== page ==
It is sometimes useful to remove multiple entries in the rows of a single or multiple columns. At the end of the operation only unique rows remain. Although the meaning of duplicate is intuitive, it is useful to solidify it with a couple examples cases.
This is the simplest and most intuitive case. In the following image, notice that #1 is duplicated.
Clicking on "Remove Duplicates" button will remove the duplicates in the selected column. After removal an information message will be displayed as shown:
As seen below, #1 is removed as it was duplicated.
Here, the idea will be demonstrated with 2 columns; however, the same idea is applicable to any number of selected columns. In the figure below, two columns have been selected and we would like to remove the duplicates.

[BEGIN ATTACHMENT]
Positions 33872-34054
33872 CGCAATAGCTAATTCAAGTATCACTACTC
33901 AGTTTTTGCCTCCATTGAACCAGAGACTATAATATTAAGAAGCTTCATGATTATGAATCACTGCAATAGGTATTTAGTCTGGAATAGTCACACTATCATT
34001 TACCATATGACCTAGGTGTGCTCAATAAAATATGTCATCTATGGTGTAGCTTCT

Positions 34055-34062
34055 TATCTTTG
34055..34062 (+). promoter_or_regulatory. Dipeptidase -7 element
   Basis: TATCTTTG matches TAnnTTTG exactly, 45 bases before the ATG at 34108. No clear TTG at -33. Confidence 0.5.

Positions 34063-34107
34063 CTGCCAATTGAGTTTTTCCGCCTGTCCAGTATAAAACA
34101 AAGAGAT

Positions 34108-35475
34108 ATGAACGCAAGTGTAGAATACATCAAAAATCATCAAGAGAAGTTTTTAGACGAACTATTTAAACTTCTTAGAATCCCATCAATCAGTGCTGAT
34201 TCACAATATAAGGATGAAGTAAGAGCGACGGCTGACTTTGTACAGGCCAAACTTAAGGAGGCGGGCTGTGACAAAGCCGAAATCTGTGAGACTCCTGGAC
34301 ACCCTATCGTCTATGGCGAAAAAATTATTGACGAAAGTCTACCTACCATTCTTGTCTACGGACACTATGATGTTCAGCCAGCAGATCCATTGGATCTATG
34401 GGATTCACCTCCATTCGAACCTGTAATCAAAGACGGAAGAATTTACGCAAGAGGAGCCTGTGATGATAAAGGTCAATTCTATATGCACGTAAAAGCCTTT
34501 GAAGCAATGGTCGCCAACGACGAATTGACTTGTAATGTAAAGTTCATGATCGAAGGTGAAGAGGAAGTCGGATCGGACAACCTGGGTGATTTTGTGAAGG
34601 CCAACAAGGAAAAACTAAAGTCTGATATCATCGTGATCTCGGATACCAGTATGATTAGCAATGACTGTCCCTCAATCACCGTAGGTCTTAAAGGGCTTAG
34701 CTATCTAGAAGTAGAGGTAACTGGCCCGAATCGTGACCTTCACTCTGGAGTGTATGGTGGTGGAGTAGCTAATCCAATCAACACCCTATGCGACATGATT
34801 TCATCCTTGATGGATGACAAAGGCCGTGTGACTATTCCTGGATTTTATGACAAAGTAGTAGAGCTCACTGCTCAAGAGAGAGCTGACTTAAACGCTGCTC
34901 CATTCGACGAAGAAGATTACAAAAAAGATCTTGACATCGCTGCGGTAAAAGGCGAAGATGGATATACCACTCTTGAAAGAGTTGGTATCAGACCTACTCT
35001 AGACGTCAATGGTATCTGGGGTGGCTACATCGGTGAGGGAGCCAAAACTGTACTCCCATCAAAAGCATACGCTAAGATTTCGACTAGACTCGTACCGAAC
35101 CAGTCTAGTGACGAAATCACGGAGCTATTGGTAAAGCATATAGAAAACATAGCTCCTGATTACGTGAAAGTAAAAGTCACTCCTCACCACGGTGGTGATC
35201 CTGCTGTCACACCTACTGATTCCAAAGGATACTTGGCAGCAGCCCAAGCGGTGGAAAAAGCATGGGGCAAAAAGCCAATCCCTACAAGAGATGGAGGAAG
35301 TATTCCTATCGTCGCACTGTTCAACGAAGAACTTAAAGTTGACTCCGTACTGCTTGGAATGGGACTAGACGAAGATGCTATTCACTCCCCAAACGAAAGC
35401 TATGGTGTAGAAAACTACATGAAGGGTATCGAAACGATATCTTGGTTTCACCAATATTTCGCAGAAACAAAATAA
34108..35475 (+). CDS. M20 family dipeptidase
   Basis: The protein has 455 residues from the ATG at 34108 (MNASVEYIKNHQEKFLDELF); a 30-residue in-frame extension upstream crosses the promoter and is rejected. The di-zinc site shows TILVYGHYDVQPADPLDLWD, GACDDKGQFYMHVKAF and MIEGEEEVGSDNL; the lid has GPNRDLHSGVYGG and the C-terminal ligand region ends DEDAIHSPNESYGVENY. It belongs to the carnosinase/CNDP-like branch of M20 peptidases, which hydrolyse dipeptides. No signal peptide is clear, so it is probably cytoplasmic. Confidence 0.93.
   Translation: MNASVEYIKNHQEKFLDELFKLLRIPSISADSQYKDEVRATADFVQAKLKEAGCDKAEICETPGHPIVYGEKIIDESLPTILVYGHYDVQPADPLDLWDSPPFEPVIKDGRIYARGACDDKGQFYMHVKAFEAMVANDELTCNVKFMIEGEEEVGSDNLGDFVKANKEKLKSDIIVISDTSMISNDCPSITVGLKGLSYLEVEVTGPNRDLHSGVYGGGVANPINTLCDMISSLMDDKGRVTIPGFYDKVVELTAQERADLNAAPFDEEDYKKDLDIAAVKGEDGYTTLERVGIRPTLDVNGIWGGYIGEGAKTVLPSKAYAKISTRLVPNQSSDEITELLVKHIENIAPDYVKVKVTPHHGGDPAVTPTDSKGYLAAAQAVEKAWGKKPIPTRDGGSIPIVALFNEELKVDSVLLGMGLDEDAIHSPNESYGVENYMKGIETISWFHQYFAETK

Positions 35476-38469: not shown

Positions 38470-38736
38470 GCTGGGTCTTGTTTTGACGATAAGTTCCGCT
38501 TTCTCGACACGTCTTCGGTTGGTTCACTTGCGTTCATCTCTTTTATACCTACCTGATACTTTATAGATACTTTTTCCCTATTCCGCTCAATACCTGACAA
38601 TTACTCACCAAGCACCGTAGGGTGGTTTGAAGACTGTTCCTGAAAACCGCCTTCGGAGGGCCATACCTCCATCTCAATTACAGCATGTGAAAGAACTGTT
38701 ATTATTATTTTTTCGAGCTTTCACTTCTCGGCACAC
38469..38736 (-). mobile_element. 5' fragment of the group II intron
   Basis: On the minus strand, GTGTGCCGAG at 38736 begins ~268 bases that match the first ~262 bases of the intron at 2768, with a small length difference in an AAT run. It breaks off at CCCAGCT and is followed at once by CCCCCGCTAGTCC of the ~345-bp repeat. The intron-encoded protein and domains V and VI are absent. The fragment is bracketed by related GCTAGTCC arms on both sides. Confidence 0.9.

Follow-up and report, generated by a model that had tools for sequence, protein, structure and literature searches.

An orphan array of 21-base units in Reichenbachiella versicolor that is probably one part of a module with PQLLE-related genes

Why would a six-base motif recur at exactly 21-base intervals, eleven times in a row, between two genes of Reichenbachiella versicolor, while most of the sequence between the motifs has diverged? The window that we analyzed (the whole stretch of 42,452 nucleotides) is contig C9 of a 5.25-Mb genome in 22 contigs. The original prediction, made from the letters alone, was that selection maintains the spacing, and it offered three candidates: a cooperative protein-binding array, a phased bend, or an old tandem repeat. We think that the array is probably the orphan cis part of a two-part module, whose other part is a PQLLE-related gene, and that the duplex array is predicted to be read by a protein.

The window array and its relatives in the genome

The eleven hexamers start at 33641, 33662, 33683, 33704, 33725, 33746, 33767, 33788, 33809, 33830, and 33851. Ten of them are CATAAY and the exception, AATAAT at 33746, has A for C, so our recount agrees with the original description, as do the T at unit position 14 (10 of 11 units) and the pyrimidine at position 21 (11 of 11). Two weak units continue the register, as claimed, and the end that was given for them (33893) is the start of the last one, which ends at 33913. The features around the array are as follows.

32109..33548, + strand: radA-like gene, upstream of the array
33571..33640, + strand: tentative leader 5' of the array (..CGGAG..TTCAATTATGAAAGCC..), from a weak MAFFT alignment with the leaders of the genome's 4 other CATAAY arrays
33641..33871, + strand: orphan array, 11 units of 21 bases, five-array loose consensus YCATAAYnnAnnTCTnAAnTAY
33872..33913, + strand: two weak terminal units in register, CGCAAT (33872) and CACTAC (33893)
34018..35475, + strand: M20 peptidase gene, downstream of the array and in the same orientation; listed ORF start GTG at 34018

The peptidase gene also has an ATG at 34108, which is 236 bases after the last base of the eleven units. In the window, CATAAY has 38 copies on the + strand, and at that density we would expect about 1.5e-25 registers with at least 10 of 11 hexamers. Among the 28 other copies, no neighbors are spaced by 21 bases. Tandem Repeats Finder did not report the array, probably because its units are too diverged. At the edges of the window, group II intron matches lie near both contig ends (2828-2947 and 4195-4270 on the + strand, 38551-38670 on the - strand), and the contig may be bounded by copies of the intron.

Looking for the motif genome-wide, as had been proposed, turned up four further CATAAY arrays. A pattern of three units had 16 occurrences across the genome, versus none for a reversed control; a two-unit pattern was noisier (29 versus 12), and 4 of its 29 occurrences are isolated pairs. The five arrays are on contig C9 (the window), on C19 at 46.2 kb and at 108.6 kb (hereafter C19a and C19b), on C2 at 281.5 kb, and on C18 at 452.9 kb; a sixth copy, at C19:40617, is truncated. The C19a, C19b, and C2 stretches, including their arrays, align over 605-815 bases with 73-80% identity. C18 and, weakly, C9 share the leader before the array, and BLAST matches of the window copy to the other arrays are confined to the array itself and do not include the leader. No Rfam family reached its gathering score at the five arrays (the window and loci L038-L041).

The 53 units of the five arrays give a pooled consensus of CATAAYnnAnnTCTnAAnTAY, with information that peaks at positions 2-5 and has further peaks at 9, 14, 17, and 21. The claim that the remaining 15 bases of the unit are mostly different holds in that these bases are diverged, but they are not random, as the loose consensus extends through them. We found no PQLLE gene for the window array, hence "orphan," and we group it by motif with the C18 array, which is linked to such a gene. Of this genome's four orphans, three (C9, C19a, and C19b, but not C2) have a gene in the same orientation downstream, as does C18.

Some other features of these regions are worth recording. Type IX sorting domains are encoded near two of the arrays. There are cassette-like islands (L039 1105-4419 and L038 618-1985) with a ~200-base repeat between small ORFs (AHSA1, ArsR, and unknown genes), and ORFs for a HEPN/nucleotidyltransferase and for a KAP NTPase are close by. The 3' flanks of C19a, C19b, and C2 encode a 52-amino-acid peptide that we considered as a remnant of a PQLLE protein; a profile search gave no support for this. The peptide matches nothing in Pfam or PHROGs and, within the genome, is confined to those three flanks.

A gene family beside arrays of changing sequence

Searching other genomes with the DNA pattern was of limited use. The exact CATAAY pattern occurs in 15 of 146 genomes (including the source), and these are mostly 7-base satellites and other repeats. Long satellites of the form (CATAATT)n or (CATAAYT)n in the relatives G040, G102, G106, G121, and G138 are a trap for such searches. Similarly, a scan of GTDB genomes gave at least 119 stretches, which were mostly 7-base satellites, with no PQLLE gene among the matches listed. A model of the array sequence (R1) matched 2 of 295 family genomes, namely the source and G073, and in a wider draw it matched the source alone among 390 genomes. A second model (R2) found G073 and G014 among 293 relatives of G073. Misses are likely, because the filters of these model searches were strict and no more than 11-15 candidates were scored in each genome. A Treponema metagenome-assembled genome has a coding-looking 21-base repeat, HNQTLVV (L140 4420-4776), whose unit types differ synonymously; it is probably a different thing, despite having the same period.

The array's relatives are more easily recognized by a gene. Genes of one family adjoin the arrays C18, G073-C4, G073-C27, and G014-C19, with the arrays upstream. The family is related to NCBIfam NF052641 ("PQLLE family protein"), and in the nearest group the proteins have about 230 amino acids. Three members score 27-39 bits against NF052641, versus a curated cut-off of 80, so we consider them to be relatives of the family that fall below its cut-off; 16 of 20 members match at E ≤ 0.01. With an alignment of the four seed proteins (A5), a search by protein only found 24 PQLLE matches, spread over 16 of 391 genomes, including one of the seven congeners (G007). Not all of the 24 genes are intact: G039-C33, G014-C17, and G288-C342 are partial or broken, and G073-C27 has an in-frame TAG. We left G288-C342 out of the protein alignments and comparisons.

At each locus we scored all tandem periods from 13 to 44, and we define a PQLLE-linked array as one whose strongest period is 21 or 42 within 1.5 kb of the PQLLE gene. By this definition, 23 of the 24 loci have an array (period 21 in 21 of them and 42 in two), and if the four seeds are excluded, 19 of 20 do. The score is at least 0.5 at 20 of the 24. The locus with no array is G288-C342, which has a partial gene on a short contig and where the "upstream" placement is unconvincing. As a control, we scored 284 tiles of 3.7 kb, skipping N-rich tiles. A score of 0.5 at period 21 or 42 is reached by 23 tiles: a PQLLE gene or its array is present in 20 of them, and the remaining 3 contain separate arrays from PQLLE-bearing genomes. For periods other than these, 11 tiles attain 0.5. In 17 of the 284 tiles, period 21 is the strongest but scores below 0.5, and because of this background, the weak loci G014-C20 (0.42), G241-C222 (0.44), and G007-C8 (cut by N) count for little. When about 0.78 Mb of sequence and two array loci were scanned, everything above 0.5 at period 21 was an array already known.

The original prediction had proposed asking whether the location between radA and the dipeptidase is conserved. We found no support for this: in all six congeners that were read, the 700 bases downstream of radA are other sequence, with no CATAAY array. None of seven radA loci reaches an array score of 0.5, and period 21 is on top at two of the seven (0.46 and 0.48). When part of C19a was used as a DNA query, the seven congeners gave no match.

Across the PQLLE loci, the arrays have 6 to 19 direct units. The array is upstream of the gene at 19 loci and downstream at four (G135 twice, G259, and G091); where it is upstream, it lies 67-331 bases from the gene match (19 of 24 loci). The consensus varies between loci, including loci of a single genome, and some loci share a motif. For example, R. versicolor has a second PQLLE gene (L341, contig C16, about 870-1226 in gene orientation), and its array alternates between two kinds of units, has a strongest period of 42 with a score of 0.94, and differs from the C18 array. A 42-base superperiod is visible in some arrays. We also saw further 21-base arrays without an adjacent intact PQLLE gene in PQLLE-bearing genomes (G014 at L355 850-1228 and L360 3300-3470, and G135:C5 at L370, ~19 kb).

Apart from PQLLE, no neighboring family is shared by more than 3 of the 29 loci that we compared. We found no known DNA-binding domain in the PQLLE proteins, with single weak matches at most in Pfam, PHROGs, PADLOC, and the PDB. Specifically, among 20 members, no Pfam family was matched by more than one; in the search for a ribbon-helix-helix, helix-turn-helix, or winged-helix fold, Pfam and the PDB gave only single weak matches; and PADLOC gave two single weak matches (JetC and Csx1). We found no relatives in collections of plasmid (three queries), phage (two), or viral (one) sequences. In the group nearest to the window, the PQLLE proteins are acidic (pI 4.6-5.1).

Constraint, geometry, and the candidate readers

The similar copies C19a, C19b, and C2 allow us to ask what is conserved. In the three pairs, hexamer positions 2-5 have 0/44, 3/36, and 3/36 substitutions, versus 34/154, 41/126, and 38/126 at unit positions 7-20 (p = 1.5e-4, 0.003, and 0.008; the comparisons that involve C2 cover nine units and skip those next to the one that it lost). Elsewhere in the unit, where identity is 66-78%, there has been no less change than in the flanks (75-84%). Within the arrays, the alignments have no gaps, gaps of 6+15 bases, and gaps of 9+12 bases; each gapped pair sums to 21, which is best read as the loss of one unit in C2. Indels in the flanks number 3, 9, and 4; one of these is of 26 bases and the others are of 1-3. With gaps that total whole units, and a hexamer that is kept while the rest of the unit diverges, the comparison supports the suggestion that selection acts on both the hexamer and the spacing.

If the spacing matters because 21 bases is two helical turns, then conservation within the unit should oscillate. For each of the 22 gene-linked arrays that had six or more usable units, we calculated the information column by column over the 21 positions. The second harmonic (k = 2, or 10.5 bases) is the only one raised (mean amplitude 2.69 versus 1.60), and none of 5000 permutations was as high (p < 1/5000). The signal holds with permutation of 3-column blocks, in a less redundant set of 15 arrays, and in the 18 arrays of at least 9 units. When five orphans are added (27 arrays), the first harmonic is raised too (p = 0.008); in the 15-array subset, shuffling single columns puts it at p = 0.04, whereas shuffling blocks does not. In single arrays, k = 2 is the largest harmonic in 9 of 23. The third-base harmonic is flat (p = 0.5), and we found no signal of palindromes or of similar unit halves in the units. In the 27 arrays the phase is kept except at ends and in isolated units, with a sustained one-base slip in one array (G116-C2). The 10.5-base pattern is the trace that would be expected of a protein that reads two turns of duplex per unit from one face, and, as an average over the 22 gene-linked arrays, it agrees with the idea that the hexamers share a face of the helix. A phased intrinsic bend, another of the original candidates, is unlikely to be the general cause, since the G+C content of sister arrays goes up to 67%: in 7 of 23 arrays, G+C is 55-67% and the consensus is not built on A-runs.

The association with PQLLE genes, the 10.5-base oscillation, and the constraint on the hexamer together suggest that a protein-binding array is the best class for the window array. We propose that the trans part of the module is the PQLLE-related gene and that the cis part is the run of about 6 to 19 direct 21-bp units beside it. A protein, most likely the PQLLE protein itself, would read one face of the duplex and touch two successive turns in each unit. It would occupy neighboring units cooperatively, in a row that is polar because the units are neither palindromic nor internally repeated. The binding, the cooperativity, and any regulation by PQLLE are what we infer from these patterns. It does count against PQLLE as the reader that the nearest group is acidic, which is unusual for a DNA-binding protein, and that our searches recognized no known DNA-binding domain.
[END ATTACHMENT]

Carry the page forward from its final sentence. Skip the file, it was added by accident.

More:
Notice that we have 3 A's in the first column.
After removal of duplicates, the remaining rows are shown below:
Although initially we had 3 A's, only 1 A has been removed and 2 A's remained. Had we selected the first column only 2 A's would have been removed. However, by selecting two columns we pair the consecutive cells, therefore, the data in first row is considered as (A,1) and in the fifth row as (A, 10). Since the data pairs (A, 1) and (A, 10) are different, it was not considered as a duplicate. The rationale is extensible to n-tuples.
Pitfall: When comparisons are made, the values in the cells are considered as strings.